Posted by StreetWise in Magazine ArticlesFrom being an innkeepers’s daughter to managing one of the world’s most respected street papers, Hildegard Denninger has supported homeless people for more than 20 years through BISS magazine. Based in Munich, Germany, BISS celebrated its 20th anniversary by hosting the 17th annual International Network of Street Papers (INSP) conference this summer. Ahead of her retirement in January 2014, Hildegard spoke to Sandra Maischberger about the magazine’s achievements and devotion to its vendors.
Sandra Maischberger: How did you come to BISS?
Hildegard Denninger: I have to go back a little: More than 25 years ago I worked in businesses that had to do with tax, accounting and hospitality, but not with the homeless. My husband is a social worker and was, until 1988, head of department at the Tea Room, “Come,” a facility for the homeless in Munich. We participated in an exchange with American Christian communities; my husband went as a service manager and I as a translator. In America we have visited many places where you meet poor people. At that time homelessness in Munich and in the rest of Germany was not as obvious as in America. Ronald Reagan on American television said: “There is no poor!” because when he looked out of the window at the White House he saw no poor. Then we came to Washington and went to the White House. And just around the corner were Vietnam veterans on the street. They sat there, some with only one leg, sick in body and soul – terrible! When we came back from America, I was thinking that I’d like to do something so it does not get as bad in Germany as it is in America. That was probably the sticking point. With my husband I then came to BISS – the newspaper had already started.
SM: If you had to explain to someone what BISS is, what would you say?
HD: BISS is a street paper project, which is run by professionals and sold by homeless and formerly homeless people. Selling the magazine gives them social contact and an opportunity to make money. The special feature of BISS is that we also offer permanent jobs for sellers.
To sell BISS you just have to be poor. That’s all. We note at this stage that, for example, more and more poor pensioners come to us who no longer have enough money to live on – a 600 euro pension, from which they also have to pay rent, in Munich. These people either do not want social assistance, or they are just at the limit that they do not qualify for social assistance. BISS is a project that was created at a meeting of the Evangelical Academy of Tutzing in 1991.
SM: Who had the idea?
HD: The idea of the street paper came from John Bird of The Big Issue UK. Dr. Jürgen Micksch, then deputy director of the Evangelical Academy, had read of the English street paper and borrowed the idea. Together with meeting participants from 1991 (subject: “Homelessness – a scandal and its causes”), he developed BISS magazine. In April 1993, Dr. Micksch met for the first time with the homeless, church people and journalists, and on 17.10.1993 BISS first came on the market.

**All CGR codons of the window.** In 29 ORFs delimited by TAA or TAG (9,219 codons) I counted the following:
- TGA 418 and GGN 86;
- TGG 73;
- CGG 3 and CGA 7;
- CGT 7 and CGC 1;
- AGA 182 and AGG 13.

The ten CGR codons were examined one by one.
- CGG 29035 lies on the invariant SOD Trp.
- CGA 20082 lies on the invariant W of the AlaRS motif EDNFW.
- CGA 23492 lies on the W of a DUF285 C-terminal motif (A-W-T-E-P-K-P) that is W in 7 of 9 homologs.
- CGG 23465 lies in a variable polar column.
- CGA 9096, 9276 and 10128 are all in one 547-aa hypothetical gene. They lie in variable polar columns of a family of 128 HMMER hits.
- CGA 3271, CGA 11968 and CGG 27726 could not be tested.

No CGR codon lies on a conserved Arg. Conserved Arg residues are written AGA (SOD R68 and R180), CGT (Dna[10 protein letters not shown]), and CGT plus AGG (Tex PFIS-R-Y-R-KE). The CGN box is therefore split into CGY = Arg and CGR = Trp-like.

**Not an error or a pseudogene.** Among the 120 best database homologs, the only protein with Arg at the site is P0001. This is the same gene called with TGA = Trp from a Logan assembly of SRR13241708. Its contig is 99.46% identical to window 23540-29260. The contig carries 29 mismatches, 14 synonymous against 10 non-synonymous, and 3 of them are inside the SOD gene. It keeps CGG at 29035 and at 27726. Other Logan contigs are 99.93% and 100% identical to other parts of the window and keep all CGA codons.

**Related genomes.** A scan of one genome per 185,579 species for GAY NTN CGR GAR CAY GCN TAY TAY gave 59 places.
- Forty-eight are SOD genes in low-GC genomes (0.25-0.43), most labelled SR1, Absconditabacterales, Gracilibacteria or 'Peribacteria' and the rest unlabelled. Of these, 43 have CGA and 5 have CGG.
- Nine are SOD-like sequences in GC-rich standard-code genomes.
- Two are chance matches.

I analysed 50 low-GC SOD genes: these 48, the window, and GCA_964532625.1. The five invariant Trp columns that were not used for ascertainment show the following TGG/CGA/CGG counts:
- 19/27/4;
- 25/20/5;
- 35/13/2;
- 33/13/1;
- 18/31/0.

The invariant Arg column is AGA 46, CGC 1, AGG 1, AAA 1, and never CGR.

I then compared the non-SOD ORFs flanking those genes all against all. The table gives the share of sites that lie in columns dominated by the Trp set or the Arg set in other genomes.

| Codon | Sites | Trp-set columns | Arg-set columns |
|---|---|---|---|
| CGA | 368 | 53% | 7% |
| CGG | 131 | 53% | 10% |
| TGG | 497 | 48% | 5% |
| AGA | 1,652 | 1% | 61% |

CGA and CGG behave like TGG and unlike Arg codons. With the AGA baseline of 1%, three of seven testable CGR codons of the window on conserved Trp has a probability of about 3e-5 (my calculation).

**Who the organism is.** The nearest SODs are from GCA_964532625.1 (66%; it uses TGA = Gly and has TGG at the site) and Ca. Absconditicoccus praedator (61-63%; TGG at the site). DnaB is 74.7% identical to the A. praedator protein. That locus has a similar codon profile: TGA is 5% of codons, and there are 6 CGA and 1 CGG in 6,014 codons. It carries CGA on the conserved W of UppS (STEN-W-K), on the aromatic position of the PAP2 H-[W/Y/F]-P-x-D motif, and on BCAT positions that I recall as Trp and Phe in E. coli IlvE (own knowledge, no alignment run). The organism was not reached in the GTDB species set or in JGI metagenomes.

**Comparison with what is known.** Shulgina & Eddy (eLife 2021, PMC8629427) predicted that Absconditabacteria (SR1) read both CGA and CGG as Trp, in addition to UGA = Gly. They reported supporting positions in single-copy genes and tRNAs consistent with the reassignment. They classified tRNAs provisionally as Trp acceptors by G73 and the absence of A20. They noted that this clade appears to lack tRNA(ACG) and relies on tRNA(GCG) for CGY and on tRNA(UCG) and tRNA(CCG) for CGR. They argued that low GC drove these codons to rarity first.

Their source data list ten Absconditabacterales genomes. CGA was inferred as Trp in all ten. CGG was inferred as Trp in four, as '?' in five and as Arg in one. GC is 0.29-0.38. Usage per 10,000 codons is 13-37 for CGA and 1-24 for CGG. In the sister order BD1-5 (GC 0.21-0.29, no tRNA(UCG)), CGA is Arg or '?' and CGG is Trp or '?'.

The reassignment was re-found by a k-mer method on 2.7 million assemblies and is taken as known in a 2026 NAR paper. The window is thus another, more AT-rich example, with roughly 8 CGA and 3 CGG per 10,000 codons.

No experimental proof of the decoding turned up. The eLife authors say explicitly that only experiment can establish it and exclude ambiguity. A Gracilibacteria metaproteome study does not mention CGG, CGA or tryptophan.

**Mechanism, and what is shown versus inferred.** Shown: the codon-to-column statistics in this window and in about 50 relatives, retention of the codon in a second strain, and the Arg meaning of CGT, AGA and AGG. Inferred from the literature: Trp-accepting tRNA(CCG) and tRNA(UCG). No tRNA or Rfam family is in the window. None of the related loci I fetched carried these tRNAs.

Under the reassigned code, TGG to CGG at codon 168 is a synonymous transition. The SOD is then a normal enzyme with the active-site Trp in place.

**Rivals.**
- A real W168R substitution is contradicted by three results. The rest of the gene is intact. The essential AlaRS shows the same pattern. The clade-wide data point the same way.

SM: BISS features writing from professionals and vendors?
HD: Exactly. There are two sides in the magazine, with one reserved for the vendors’ writing. But not all vendors want to write. We have often asked at the beginning, “do you want to go into the writing workshop?” and were answered, “I want to earn money, not write.” I could understand that. Sometimes people accuse me of thinking too much of money. But I am a qualified accountant and I want to keep my business going. The newspaper is one thing, and the organization is another.
SM: BISS costs 2.20 euros. Of this, 1.10 euros goes to the vendor. How many papers does a vendor have to sell to have enough money to get by?
HD: The non-tenured vendors do not have to sell any if they don’t want. They sell as much as they can, like, or need. And no matter how much they sell, whether it’s 10 or 100 copies per month, 1.10 per issue, you keep for yourself.
SM: I now put myself in the position of a vendor. I became homeless, I have heard of you and I come to you and say: I want to join as a vendor. Do I have to bring the money required to buy the first 10 magazines?
HD: No. You get the magazines paid for once in your BISS career, namely at the beginning, once you have demonstrated to my husband, who is a social worker and head of sales at BISS, that you are poor. [And you cannot sell BISS anywhere you like.] We have about 100 retailers in Munich: 41 permanent staff, and the rest are free. Each of the permanent employees, who have a sales target, has a stand. These vendors work at certain times in certain places.
SM: What’s wrong with the subway? In Berlin, street papers are sold in the metro, but not in Munich.
HD: I would have immediately prevented it if it were not forbidden in Munich anyway. I think it’s an act of coercion, if you are sitting there in such a small space and get the newspaper shoved under your nose. You know, we wanted BISS to have strong brand. We must, as a brand and as a journal, have a good reputation, so that the vendor can identify with BISS. The vendors are like the sacred cows in Munich.
SM: In Germany, people fall through the net but do not dare to admit it?